As an aspiring writer, I stick with each scene having its own point of view. Although I did break that rule once or twice in my completed ms. I think it works, but am still working out a final revision, so we'll see if it stays in :)

  7. You must follow them, until your are published. Then, you can break them based on your level of success at publlishing.

  8. I have some rather extensive thoughts on "the rules", which I posted on my blog a while back:

  9. I actually didn't like that it was an episodic kind of a book. No matter how well episodic books are written, I have trouble picking them back up after putting it down. For the Graveyard Book, I got stuck for a long time on one of the early chapters. I think he did this in part because he was trying to parallel the Jungle Book in some ways but for me it was like reading a book of short stories (which I generally don't read) :P Towards the end though, it became less episodic and I found it much more interesting.

    That being said, I totally agree that you can break the rules and still have a great book. It's just really hard while you're writing to tell whether or not you're one of the people who can pull it off ;)

  10. Amitha -- I'm glad someone is bringing up the possibility that he didn't actually pull of breaking the rules, or at least didn't pull it off for some readers. Perhaps it's just that the strengths of the book outweighed the rule breaking :-). (I'm not pushing this view, just bringing it up as a possibility). You liked the book right? What was it about the book that you liked? Why do you think it won all those awards?

  11. "The rules" exist for the reader's benefit. The more closely they are followed, the wider the audience your book will have. They ensure that your writing stays within the comfort zone of the largest number of readers. The more your writing moves outside this comfort zone, the smaller your audience will be. Each of us, as writers, picks the audience we want to appeal to. "Head hopping" is harder work for for the reader but we might still choose to write for those readers who find it easy, or who are prepared to put in the effort.

  12. Omniscient used to be a fixture in children's literature. I don't read enough children books today to claim it's done even now (HP is written in Harry's point of view only), but it holds some practical interest as a technique.

    Omniscient responds to a child's need to know what's going on in every character's head, as opposed to the appeal for mystery and uncertainty to the older reader. Hearing what crosses everyone's mind is interesting because 1) you get acquainted with all the characters in a more intimate way, 2) you are aware of the possible misunderstandings and conflicts. IOW, it ups 'relational suspense'.

    Of course, characterization and conflict can be shown with other, more sophisticated techniques, but omniscient is simple and direct. That's why it was traditionally used in children and middle graders' stories.

    Finally, head-hopping is just a perverted omniscient PoV. It's always a matter of execution.

  13. My favorite head-hopping example is in Hemingway's Short, Happy Life of Francis Macomber where Papa dips in and out of consciousnesses so fast it almost gives you whiplash. He even slips into a lion's head for a paragraph. And it's artless, seamless. It's Hemingway.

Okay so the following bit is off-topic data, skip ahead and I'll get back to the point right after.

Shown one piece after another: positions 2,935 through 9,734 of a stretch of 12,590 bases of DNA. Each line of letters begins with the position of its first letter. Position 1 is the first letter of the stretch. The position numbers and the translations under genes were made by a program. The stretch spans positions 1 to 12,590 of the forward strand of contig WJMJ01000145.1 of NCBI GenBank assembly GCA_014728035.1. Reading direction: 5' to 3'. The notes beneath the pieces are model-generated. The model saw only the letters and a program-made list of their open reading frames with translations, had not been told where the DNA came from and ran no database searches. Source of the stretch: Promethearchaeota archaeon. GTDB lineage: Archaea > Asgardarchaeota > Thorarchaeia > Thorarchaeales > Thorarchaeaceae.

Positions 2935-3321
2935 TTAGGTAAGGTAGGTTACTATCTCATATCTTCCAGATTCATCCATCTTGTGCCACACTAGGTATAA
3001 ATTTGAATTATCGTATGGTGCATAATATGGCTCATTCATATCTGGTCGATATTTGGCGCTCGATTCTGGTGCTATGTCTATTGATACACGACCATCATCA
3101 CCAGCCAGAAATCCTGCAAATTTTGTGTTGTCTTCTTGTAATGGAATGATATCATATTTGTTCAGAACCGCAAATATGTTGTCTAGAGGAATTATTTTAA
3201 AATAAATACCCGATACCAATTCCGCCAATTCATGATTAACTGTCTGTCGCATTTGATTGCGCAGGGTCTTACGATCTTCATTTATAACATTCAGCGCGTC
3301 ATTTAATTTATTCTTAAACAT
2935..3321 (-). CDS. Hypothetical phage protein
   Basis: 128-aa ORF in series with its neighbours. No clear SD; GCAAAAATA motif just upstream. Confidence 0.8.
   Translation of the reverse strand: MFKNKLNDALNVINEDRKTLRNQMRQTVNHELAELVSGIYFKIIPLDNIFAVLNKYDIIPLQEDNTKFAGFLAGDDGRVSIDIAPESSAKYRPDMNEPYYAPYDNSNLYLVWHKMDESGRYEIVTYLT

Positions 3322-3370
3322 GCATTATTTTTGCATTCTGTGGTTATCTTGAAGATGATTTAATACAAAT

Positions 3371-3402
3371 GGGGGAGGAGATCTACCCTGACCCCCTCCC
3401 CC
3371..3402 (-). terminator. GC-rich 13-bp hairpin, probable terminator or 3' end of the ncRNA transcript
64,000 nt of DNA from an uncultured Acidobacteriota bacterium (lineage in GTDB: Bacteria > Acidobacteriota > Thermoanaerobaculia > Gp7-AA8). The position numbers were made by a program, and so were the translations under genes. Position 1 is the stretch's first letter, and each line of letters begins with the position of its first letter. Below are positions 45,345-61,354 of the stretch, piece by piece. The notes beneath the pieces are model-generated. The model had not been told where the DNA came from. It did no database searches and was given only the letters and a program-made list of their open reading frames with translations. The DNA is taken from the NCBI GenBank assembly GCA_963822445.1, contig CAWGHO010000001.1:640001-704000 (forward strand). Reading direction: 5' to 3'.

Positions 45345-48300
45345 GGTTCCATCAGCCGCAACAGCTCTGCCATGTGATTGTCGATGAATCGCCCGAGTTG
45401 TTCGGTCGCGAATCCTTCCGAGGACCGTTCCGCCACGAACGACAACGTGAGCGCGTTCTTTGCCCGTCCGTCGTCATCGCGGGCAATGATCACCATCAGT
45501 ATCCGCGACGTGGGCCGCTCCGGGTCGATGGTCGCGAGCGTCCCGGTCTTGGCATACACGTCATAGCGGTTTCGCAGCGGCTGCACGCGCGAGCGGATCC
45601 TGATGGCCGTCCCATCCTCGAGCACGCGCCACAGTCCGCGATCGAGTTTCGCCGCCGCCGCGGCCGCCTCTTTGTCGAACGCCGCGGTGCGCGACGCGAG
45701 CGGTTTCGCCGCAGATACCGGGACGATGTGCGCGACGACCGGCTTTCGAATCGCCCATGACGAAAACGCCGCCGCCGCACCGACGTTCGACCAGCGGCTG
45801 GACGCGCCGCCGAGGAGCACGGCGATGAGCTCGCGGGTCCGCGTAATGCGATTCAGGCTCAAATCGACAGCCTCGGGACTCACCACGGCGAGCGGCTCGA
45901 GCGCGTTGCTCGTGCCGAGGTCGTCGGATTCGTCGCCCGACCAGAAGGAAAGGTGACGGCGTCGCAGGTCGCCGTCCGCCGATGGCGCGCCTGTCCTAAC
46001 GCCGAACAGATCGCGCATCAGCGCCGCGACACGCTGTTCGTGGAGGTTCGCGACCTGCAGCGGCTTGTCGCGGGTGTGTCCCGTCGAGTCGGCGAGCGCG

Yup, greats can get away with it.

  14. I find the rules helpful, on odd occasions, if something is 'not working' and I can't put my finger on why. When I first started writing I had great trouble with pacing, and 'Story' was a book which really helped me to break it down.

    But mostly, I learnt to write by an organic process, in the same way as I learnt to speak (by watching how other people do it), and I'll always have a go at doing it 'my way' first.

    Rules can be helpful - and can be ignored, if you've written something that works anyway.

  15. I also studied music composition like EmilyBryan, and yeah, the rules are there to stop intermediate composers from shooting themselves in the foot. They're generally good guidelines that help make things sound better.

    It's probably the same with the writing rules. For beginning or intermediate writers, the rules probably help them express their ideas better. For masters, perhaps they've gone beyond the need for rules, just like a good jazz player who can't remember the names of chords anymore.

  16. I break rules all the time.

    Usually, it doesn't work and I take out the rule-breakages when I edit. Sometimes it works.

    I quite like a little bit of head-hopping in books, but only if it reads as though it was planned. I can't stand it when a writer pops into another character's head because they were too lazy to establish another way how Character B feels while they're in the head of Character A. If you're going to head-hop, plan it and do it well - do it because you're choosing to, not because you can't be bothered expressing something in another way.

    Great post, btw, thanks.

  17. I'm pretty strict about the POV thing - just don't like head-hopping ... but, I always tell writers that if they convince their audience, then they can do whatever they want--it's convincing the audience (me, the reader) that is difficult when it comes to head hopping - I did read a novel not long ago that did it and I didn't mind it so much...but, I'll always love the POV that stays in POV best!